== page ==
Well, I was back in Regan Aymett’s second grade class this morning for the Raise Your Hand Tennessee program, and it felt good.
When I first got there, Regan set me up with two boys and two girls and gave us some little Star Wars-themed phonics booklets — not for phonics, but for an activity on characters and their motivations. The two girls, working as a team, and the two boys, working as a team, were supposed to read one of the little booklets and a) identify a character, and b) answer the question “why?” in connection with the character — why the character acted in a certain way, or was in a certain situation, what have you.
The two girls went happily to work, but the boys were not working very well as a team, and kept arguing over who had the booklet. We finally got it all worked out.
Then, I kept the same four kids but started a new activity. They had to write (and illustrate) a very basic sentence, then add adjectives to it, then add a location element to it, then add a time element to it. Even with the example sheet that Ms. Aymett had left us, it took a bit of explaining that these were, basically, four different and increasingly-long versions of the same sentence. The kids kept wanting to write all-new sentences for each.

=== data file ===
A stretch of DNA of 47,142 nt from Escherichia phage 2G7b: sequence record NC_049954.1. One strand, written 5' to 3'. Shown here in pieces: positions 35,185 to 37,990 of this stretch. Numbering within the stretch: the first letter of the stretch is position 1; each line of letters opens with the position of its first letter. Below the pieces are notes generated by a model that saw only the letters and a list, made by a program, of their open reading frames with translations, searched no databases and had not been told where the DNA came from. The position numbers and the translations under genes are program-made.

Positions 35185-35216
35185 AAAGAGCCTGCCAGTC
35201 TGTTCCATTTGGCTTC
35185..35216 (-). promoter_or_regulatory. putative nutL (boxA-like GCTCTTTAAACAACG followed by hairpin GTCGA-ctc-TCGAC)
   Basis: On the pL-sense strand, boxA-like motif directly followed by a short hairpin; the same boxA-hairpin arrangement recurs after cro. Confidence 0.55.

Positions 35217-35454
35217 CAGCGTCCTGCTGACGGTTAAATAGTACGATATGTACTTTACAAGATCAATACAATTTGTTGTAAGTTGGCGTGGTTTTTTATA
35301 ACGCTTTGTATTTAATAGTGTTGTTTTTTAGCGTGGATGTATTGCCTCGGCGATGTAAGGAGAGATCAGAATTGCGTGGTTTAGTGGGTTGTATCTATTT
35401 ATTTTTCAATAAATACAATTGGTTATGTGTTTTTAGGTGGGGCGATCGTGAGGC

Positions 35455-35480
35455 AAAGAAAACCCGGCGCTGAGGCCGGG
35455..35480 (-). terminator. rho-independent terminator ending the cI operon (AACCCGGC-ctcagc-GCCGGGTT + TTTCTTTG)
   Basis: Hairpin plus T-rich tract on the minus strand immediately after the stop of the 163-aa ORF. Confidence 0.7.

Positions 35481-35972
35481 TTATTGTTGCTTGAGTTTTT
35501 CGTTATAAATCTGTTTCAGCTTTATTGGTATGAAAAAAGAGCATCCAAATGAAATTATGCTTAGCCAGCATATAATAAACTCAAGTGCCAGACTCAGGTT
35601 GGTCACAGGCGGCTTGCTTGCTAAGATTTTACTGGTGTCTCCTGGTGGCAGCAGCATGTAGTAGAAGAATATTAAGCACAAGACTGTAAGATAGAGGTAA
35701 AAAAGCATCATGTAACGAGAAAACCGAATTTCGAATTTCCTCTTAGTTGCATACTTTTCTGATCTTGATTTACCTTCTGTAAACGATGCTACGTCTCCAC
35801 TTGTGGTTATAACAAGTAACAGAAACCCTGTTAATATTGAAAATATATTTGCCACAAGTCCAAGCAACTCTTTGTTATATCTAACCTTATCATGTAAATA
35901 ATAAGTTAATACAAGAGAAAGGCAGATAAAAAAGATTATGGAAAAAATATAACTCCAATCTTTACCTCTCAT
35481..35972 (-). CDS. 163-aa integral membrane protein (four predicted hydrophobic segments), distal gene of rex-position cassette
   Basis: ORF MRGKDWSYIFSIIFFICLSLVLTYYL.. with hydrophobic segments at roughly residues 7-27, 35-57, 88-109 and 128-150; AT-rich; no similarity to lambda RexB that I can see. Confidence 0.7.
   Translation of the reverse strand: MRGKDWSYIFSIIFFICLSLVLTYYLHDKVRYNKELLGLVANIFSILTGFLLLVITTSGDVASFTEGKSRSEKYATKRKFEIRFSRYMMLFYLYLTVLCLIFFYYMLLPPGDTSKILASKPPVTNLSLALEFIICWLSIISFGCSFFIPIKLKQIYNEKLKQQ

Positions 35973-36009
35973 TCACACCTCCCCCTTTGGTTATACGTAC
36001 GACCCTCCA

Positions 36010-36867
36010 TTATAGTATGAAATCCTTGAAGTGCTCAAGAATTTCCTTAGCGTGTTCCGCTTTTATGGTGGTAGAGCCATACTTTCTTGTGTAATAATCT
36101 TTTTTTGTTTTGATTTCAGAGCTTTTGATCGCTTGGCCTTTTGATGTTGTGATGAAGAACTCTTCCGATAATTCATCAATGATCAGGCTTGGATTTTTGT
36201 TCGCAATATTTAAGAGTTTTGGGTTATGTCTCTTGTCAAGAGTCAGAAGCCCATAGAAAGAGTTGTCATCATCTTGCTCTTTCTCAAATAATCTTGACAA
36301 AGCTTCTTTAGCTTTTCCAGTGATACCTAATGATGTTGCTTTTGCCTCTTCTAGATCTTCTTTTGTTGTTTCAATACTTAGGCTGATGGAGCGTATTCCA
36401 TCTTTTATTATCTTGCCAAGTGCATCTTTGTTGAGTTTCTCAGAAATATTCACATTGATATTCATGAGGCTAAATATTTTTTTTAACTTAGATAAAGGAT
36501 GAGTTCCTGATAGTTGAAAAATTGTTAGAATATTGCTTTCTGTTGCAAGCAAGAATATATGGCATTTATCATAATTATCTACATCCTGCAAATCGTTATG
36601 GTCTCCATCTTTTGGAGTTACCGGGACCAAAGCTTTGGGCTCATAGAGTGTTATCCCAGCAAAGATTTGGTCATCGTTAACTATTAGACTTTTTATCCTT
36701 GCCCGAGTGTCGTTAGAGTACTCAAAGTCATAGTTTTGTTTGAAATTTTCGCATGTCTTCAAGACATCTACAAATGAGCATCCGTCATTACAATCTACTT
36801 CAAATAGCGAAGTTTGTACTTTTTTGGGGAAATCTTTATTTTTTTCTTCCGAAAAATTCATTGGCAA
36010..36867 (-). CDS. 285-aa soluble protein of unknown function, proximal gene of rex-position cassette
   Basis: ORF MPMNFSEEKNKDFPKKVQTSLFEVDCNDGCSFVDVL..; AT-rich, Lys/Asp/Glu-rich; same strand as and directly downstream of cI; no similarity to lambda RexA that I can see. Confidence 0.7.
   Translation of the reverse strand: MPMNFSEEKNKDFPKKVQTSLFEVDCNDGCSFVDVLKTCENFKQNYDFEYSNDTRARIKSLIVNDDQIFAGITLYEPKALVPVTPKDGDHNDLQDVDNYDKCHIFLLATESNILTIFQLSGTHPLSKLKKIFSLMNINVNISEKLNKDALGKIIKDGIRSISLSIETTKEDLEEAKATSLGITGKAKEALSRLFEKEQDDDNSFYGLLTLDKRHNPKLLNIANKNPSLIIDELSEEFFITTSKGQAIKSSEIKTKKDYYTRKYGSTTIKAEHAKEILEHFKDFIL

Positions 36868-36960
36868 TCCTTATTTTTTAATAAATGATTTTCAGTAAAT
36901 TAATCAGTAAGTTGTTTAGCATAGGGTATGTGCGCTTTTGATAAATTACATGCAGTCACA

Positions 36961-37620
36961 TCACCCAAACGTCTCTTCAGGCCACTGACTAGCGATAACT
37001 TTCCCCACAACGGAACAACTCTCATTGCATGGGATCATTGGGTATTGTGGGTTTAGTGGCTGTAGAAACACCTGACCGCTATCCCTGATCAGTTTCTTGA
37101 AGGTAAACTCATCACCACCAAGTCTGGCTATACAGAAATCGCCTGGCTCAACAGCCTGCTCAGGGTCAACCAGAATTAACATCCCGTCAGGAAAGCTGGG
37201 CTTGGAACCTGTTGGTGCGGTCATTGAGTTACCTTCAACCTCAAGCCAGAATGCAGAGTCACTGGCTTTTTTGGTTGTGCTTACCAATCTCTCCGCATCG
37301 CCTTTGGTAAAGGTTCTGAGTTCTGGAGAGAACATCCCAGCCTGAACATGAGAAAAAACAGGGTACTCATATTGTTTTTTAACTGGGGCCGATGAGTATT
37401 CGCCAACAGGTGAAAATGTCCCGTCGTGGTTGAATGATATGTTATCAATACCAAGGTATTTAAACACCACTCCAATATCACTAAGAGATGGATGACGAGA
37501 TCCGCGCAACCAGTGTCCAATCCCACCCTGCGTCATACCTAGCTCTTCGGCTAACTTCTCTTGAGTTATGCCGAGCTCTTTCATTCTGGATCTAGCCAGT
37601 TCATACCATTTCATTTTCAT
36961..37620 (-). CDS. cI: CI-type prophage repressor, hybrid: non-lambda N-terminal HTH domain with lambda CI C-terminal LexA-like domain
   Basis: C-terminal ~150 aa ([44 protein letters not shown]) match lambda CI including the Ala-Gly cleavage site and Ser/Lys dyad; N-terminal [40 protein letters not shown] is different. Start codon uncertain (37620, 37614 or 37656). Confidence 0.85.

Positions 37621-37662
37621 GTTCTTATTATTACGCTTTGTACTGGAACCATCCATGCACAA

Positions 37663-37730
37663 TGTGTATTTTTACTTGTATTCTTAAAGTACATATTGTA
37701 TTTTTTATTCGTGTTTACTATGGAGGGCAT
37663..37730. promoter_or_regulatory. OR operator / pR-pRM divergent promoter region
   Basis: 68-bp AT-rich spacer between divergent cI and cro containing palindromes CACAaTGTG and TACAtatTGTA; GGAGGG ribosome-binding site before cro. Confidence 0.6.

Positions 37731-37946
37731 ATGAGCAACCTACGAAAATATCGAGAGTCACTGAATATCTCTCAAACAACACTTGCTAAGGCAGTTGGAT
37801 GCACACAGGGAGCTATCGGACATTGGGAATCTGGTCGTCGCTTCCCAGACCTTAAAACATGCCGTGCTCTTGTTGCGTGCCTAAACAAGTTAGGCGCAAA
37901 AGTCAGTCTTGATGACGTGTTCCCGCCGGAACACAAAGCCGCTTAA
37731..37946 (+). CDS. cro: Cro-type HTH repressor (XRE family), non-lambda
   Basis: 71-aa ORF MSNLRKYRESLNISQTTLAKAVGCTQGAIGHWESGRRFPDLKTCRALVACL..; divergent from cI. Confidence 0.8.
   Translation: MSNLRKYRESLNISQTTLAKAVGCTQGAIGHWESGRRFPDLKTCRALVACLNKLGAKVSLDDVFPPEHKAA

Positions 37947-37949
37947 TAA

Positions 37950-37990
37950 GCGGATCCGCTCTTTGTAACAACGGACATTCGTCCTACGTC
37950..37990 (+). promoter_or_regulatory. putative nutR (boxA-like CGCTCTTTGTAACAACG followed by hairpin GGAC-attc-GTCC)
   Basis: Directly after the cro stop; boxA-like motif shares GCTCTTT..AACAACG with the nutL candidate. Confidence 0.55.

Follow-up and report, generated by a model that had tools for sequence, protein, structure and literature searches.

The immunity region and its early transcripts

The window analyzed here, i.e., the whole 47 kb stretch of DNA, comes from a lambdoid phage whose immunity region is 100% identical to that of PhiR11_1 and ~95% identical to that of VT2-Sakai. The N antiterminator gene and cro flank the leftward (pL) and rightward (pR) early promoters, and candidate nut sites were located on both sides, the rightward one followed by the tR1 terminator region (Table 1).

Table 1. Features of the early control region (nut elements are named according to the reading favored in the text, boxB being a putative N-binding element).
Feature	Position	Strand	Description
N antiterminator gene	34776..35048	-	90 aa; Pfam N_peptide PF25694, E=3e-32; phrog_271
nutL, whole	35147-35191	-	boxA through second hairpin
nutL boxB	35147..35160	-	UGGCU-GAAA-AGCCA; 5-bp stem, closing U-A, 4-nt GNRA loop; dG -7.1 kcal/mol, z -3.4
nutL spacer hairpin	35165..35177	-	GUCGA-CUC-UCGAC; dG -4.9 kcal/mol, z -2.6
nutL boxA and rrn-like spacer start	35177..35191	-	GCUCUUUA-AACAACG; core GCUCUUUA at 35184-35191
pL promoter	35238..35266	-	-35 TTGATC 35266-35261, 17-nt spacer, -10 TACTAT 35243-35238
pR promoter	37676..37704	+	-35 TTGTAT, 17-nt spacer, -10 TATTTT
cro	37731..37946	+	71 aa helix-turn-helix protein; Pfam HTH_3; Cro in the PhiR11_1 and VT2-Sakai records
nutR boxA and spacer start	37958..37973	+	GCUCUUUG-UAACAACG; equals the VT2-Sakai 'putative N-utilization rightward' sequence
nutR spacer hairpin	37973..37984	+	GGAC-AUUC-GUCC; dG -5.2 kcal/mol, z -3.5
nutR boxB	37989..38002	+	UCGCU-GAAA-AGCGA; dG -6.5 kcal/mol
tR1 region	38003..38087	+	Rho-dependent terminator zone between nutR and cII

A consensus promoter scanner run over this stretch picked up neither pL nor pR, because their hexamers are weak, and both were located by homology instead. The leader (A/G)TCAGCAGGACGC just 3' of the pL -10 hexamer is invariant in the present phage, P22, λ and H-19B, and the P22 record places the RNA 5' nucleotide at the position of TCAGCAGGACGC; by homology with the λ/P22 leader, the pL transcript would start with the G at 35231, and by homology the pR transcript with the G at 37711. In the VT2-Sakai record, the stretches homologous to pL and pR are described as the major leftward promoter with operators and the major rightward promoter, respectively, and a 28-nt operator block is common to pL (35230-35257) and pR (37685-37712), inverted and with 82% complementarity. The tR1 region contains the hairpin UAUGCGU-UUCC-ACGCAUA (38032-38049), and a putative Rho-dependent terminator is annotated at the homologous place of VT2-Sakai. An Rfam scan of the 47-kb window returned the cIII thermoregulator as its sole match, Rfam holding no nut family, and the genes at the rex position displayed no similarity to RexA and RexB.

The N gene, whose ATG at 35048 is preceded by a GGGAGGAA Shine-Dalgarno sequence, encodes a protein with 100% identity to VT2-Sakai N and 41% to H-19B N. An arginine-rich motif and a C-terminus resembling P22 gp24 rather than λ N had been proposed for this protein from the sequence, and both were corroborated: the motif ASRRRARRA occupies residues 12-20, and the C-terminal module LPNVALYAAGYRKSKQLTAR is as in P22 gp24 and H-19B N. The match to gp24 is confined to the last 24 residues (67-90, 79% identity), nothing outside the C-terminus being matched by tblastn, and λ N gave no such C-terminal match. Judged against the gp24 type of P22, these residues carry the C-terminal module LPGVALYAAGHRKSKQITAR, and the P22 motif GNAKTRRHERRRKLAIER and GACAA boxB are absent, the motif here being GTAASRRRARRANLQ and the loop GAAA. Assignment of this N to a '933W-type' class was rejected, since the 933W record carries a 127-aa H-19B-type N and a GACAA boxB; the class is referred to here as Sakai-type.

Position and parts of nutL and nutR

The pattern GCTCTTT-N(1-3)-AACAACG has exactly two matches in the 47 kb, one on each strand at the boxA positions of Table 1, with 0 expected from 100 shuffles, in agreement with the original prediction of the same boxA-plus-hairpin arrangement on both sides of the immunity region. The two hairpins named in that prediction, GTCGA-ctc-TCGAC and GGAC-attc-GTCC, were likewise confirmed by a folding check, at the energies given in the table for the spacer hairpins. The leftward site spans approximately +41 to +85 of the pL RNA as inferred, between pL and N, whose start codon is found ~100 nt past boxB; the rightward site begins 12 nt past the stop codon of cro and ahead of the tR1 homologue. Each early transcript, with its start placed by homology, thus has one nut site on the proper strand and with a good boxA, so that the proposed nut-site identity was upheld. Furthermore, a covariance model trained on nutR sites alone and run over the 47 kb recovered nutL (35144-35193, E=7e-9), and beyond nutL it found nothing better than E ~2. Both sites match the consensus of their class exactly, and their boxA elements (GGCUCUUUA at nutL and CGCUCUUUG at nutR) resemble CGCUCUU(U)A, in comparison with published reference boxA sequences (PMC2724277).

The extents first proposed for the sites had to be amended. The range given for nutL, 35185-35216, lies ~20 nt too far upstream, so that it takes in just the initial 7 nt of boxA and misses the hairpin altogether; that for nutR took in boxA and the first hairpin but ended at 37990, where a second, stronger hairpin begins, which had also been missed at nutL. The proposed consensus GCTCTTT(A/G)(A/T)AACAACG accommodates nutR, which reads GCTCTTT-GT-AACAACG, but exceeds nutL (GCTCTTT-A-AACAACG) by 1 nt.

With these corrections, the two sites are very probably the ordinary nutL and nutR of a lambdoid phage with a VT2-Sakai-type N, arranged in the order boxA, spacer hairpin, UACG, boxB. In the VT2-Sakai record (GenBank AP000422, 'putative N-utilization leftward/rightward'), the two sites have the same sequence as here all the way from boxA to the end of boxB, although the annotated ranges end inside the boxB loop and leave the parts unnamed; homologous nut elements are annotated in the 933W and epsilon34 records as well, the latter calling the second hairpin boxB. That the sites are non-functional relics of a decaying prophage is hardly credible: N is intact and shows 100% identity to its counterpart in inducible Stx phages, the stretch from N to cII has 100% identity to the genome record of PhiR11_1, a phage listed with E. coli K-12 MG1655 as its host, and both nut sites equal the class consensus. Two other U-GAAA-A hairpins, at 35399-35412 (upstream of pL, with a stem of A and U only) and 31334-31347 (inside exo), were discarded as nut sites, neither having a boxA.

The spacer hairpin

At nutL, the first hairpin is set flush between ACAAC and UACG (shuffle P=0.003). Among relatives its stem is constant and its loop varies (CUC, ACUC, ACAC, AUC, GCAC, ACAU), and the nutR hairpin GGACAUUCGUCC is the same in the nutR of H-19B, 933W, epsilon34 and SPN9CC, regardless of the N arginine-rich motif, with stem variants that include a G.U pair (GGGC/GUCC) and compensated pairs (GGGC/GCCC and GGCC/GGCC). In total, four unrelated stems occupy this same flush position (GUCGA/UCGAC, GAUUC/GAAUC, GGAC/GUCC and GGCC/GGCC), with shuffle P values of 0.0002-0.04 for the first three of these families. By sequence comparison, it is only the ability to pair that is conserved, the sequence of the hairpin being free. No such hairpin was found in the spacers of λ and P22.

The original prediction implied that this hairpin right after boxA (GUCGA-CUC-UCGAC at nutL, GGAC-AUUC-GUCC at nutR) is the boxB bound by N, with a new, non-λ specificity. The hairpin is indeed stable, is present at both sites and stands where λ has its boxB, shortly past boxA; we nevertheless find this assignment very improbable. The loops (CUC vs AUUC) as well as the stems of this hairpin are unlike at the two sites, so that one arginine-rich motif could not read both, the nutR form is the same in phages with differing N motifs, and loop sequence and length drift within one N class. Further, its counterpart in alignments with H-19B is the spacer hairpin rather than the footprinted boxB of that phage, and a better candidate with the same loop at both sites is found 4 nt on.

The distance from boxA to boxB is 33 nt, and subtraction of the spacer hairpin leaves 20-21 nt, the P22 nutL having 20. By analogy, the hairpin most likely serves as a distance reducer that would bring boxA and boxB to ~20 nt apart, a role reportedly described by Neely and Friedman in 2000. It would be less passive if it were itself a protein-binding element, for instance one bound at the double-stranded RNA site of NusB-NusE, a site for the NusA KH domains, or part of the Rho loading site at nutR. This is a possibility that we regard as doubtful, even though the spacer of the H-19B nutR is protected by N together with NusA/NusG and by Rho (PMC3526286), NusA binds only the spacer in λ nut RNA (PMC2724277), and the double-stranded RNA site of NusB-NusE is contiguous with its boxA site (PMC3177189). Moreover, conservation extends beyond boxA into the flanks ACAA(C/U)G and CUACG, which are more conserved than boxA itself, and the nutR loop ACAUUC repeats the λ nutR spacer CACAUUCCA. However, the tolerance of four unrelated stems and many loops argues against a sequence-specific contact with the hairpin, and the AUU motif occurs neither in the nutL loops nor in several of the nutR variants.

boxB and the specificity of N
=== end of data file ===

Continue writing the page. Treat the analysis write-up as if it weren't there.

I tried to keep up with things the best I could; I’m not sure how much I accomplished, but Ms. Aymett seemed happy with the end result. She was documenting several things today on video with her smart phone — it appeared to be for some sort of official project, since she’d identify herself every time she started the camera. Teachers have to do a lot more documentation and paperwork today than they’ve ever had in the past, and I don’t envy them.